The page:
Knowledge management (KM) and Information management (IM) are different and related. It’s easy to be confused and think they are the same, that KM is somehow a more faddish version of IM. Some would say it doesn’t matter – I beg to differ. To do better KM requires a different focus than to do better IM, and therefore different expertise and approaches.
Here’s my take on the difference.
For KM, the focus is knowledge; which is to say, the focus is people. Knowledge needs a knower. People create and carry knowledge. They learn, they make-sense, they make knowledge part of themselves.
For IM, the focus is information; which is stuff that lives outside a person. Much information starts out as knowledge. But when it gets detached from a person, it tends to lose context and meaning. This doesn’t mean it doesn’t have value, simply it has different value. (More on the knowledge vs. information difference below)
The aim of good KM in an organisation is vitalising your knowledge-base. (Remember your knowledge is in people, so your knowledge-base is what people know, as well as how they come to know it.) Managing knowledge means creating and maintaining the right conditions so knowledge can move and nourish the organisation. And this doesn’t mean putting it into information systems – it’s about harnessing social power: conversation and relationship.
The aim of good IM in an organisation is utilising information to make decisions and explain organisational activities. Managing information means developing and administering systems that collect, organise, process and aggregate information. This can mean using KM to improve people’s knowledge about to know where to get good information, and know how much value to give that information.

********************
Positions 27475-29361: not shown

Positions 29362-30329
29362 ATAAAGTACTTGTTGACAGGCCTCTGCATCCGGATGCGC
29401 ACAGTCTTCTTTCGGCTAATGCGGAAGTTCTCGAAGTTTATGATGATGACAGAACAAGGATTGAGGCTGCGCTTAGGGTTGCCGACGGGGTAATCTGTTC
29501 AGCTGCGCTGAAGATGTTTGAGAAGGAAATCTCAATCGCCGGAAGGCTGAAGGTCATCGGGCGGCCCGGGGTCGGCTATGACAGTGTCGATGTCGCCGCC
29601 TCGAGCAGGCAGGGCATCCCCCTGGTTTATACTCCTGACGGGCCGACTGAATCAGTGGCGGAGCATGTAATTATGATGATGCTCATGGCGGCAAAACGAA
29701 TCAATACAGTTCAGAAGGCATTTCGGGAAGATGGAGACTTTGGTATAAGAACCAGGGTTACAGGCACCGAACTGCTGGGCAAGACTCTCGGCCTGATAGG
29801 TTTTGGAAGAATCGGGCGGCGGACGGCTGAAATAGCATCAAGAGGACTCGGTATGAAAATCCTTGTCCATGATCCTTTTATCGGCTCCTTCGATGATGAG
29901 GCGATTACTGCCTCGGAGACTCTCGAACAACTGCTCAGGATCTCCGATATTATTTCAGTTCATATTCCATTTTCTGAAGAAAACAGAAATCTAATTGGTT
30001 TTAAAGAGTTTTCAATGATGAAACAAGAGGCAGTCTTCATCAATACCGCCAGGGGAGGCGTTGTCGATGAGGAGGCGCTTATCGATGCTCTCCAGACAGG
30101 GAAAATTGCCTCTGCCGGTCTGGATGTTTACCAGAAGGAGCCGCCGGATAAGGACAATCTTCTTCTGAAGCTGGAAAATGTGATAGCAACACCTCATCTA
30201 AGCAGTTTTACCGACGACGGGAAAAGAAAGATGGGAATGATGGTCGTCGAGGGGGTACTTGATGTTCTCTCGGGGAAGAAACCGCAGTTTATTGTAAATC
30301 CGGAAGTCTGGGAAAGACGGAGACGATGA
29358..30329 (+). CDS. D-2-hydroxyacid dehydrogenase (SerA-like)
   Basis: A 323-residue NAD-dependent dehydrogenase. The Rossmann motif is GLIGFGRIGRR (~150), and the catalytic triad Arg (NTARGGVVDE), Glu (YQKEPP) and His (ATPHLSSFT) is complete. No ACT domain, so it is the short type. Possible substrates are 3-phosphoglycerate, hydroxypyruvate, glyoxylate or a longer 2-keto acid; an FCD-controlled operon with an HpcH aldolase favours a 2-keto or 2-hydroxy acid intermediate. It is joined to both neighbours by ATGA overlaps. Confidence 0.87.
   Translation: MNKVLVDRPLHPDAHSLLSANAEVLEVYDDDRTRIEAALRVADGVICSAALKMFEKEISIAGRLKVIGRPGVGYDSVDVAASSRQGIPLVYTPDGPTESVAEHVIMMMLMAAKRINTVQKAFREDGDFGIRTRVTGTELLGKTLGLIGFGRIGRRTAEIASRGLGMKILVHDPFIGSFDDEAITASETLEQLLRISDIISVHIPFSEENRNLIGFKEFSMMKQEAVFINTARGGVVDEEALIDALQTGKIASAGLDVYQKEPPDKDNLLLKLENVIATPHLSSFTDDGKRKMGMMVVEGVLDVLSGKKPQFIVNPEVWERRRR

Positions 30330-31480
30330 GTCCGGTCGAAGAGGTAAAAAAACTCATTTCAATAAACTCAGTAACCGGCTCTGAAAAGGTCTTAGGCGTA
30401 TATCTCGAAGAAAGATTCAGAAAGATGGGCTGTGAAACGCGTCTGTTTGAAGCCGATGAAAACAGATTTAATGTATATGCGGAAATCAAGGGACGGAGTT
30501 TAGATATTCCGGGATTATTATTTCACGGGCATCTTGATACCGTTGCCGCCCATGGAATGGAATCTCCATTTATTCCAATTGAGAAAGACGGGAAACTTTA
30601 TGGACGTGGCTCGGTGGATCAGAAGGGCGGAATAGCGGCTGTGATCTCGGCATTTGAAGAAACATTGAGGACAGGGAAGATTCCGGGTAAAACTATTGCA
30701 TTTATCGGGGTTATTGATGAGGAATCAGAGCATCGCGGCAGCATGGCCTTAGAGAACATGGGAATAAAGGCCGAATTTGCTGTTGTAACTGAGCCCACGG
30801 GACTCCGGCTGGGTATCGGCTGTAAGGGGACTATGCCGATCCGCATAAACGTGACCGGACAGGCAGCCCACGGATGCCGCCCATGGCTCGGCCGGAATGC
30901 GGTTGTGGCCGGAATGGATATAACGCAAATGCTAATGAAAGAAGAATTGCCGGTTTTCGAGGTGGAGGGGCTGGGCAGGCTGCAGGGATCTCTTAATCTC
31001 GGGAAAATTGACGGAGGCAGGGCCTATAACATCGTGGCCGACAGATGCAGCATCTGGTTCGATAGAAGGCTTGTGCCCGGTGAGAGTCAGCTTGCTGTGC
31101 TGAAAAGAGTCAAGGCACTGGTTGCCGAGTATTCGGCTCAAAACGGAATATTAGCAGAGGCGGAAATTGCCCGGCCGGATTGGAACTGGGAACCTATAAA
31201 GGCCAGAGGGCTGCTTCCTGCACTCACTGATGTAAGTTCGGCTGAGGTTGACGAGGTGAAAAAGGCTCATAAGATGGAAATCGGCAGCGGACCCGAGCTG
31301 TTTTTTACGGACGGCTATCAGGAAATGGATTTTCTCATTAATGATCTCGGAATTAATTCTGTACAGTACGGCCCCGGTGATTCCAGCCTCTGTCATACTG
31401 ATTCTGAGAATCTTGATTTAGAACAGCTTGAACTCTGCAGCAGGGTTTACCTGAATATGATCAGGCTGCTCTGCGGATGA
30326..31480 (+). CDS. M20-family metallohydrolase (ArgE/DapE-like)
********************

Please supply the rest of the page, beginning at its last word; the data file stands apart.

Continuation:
Information is a-kind-of knowledge, often referred to as explicit or codified knowledge. Knowledge often gets captured in more tangible forms because it makes it easier to move across time (it can outlive you) and across space (it can go without you). What started out as the knowledge of the knower becomes information, and will remain information, until someone makes sense of it and comes to know it.
Maybe this example will help you sense the difference between knowledge and information:
‘80 Rahera Street’ – As a piece of knowledge, these words represent a location where I used to live, where I shaped my environment and made many memories. My knowledge of 80 Rahera Street is emotional, aesthetic, geographical and functional. This knowledge lives in my knowledge-base and can be used to restimulate memories and facts of use to my family, and potentially real estate agents!
‘80 Rahera Street’ – As a piece of information, is an address to a specific geographical location. This can be put in a database and be used to confirm my identity and to send me stuff.
Often people working in the KM space, attempt to resolve the KM vs IM confusion by stating that they are working on the people-side of KM. Thus distinguishing themselves from the IM part (i.e. information technology and systems) under a KM umbrella.
So next time you are defining or implementing a KM strategy/solution – check: are you doing knowledge-people stuff as well as information-systems stuff? If you are focusing on information-systems stuff, then you are making IM change not KM.
And why does it matter? Because KM approaches and skills are different than IM, and you might be attempting the equivalent of building a house with cooking tools and techniques. (For ideas on KM techniques see The work of Knowledge Mgmt vs Information Mgmt.)
Helen Palmer is Principal Consultant at RHX Group. She thinks critically about knowledge work, and how to ensure knowledge isn’t wasted. She revels in tackling the big processes of change and learning so that ideas become impact. With her colleagues at RHX Group, Helen helps teams make better use of their people, knowledge and information.